HC Deb 21 July 1949 vol 467 cc1552-3
58. Mr. De la Bère

asked the President of the Board of Trade whether he will now consider abandoning yarn control.

The President of the Board of Trade (Mr. Harold Wilson)

I understand that the hon. Member is referring to the allocation system for cotton yarn. This control is still necessary to ensure the production of utility cloth and other essential cotton goods. It will be discontinued as soon as it is no longer required.

Mr. De la Bère

Will the right hon. Gentleman do something to ensure that it is discontinued at an early date in view of the fact that it is doing more damage than it is doing good?

Mr. Wilson

I do not accept that criticism, but I am quite sure the whole House would wish me to ensure that utility production is guaranteed.

Mr. S. Shephard

Since raw wool is off control altogether can the Minister say when he proposes to abolish the Wool Control?

Mr. Wilson

Perhaps the hon. Gentleman will put a Question down about the Wool Control.

59. Mr. De la Bère

asked the President of the Board of Trade, whether, in order to maintain the present rate of exports of hosiery and cotton goods, he will assist manufacturers by lowering the price he is charging for yarn and cotton so as to enable them to compete in world markets.

Mr. H. Wilson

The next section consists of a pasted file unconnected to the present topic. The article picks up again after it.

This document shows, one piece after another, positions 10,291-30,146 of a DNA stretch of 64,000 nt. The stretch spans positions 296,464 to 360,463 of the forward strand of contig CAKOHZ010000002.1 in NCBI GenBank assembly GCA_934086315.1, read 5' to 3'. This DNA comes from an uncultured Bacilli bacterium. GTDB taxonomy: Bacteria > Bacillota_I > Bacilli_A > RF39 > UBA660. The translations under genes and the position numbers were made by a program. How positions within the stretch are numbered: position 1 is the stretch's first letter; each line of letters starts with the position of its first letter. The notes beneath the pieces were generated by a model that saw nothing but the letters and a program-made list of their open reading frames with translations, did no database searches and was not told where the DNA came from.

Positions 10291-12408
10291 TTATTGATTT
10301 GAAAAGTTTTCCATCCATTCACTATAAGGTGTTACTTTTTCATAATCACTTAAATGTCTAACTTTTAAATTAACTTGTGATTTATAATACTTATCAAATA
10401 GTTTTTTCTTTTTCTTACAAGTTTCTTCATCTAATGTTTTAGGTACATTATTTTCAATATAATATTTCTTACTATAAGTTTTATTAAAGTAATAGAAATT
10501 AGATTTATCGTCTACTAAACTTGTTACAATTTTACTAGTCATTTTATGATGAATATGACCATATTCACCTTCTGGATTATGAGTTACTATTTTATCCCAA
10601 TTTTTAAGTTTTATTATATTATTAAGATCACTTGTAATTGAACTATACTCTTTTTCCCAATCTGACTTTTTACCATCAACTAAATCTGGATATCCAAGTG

The Board of Trade do not sell cotton yarn, and there is no longer any statutory control over its price. Raw cotton prices are a matter for the Raw Cotton Commission, but I understand that the prices they charge spinners in this country are in line with current world prices.

Mr. De la Bère

Is the right hon. Gentleman aware that quite recently he got away with camouflage by pretending that the Commission had done something different? Why does he not give us the real figures of what the Commission has been doing? We in this House are entitled to know it; let us have no more camouflage.

Mr. Wilson

I should have thought that if the hon. Gentleman is really interested he would have found all the information he requires in the trade papers.

Mr. Osborne

Is the right hon. Gentleman aware that it is not the price of yarn which is making it difficult to sell hosiery abroad, but the fact that the Canadian and American buyers will not buy because they are afraid of the devaluation of sterling? Would the right hon. Gentleman help in that matter?